Nuchi du Takara (Life—including the life of nature—is the Greatest Treasure).
Yanbaru subtropical rainforest. (Photo: Yoshio Shimoji)
Yanbaru, the magnificent ecoregion of northern Okinawa—mountains, subtropical rainforest, rivers, wetlands, and Henoko's dugong and coral reef ecosystem—is Okinawa's most important natural heritage site. Henoko is one of the most biodiverse and beautiful coastal areas in all Japan and the Asia-Pacific. With the support of Japan's Environmental Ministry, Okinawa Prefecture nominated the ecoregion for official recognition on UNESCO’s World Heritage list in 2012.
The coral reef is the last fully intact coral reef in all of Okinawa and Japan. It is home to almost 400 types of healthy coral (including the rare, mysterious blue coral); over 1,000 species of marine life (including the beloved dugong, an indigenous sacred icon and natural monument); hawksbill, loggerhead, and green sea turtles; crustaceans; anemone; reef fish; and sea grass.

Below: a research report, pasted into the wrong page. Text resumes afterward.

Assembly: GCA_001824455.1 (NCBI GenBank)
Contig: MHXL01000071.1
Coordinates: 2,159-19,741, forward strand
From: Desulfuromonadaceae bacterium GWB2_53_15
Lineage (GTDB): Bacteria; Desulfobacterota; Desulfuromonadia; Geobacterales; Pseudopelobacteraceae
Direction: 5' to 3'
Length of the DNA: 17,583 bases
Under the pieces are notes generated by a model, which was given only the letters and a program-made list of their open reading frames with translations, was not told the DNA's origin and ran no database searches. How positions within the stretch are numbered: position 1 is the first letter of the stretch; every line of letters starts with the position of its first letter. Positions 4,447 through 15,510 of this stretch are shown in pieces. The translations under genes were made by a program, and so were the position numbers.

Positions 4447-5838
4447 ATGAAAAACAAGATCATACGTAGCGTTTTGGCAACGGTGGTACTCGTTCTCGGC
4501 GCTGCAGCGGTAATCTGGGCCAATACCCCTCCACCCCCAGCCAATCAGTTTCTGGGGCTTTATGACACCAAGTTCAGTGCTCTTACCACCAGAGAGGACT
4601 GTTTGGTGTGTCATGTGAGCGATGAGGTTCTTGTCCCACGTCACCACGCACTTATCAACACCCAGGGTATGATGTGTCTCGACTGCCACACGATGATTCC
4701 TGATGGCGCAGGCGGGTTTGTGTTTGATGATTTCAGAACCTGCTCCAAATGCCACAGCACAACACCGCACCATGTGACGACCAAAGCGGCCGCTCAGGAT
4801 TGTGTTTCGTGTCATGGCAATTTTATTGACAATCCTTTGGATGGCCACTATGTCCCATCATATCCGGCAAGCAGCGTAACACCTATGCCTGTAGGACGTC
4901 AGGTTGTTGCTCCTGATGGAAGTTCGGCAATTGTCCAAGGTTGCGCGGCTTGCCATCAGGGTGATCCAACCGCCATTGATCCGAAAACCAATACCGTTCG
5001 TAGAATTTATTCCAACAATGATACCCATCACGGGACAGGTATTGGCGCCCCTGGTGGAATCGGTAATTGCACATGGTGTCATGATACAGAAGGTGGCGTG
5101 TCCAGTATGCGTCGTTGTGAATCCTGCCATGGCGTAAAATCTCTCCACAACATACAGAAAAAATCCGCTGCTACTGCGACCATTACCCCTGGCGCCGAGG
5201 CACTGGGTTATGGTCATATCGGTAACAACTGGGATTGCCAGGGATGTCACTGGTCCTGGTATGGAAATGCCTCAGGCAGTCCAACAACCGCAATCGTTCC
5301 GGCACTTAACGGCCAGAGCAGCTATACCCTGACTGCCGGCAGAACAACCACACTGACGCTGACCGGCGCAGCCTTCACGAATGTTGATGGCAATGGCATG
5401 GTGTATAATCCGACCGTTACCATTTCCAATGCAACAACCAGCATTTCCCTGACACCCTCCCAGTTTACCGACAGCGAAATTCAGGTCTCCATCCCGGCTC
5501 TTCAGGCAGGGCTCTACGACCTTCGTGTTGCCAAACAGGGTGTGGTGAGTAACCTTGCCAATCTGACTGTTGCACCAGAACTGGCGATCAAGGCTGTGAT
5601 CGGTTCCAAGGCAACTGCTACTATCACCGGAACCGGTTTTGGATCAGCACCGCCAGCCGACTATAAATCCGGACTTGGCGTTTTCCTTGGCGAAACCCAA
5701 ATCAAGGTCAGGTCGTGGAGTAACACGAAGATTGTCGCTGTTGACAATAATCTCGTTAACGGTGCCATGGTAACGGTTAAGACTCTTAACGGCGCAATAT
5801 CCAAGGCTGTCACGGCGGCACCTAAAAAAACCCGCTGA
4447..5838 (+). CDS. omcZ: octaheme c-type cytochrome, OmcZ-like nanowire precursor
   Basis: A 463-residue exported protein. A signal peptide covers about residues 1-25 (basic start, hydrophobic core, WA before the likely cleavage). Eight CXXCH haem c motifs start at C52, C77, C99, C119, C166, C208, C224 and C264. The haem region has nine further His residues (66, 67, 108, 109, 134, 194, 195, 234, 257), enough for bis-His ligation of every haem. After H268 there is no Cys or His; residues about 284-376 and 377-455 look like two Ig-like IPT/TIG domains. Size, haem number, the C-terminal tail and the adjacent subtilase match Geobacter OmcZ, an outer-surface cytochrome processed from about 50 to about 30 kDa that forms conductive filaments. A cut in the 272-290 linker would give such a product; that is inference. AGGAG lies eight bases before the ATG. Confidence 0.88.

Henoko's magnificent dugong and coral reef habitat.
Sea Turtle and Okinawa Dugong, a sacred cultural icon and protected natural monument.
Photo courtesy: Takuma Higashionna
The international community, from marine scientists to environmentalists to indigenous cultural and historic preservation advocates, have supported locals and Okinawans for 20 years in efforts to protecting this invaluable world natural cultural heritage because the world recognizes its universal value and importance.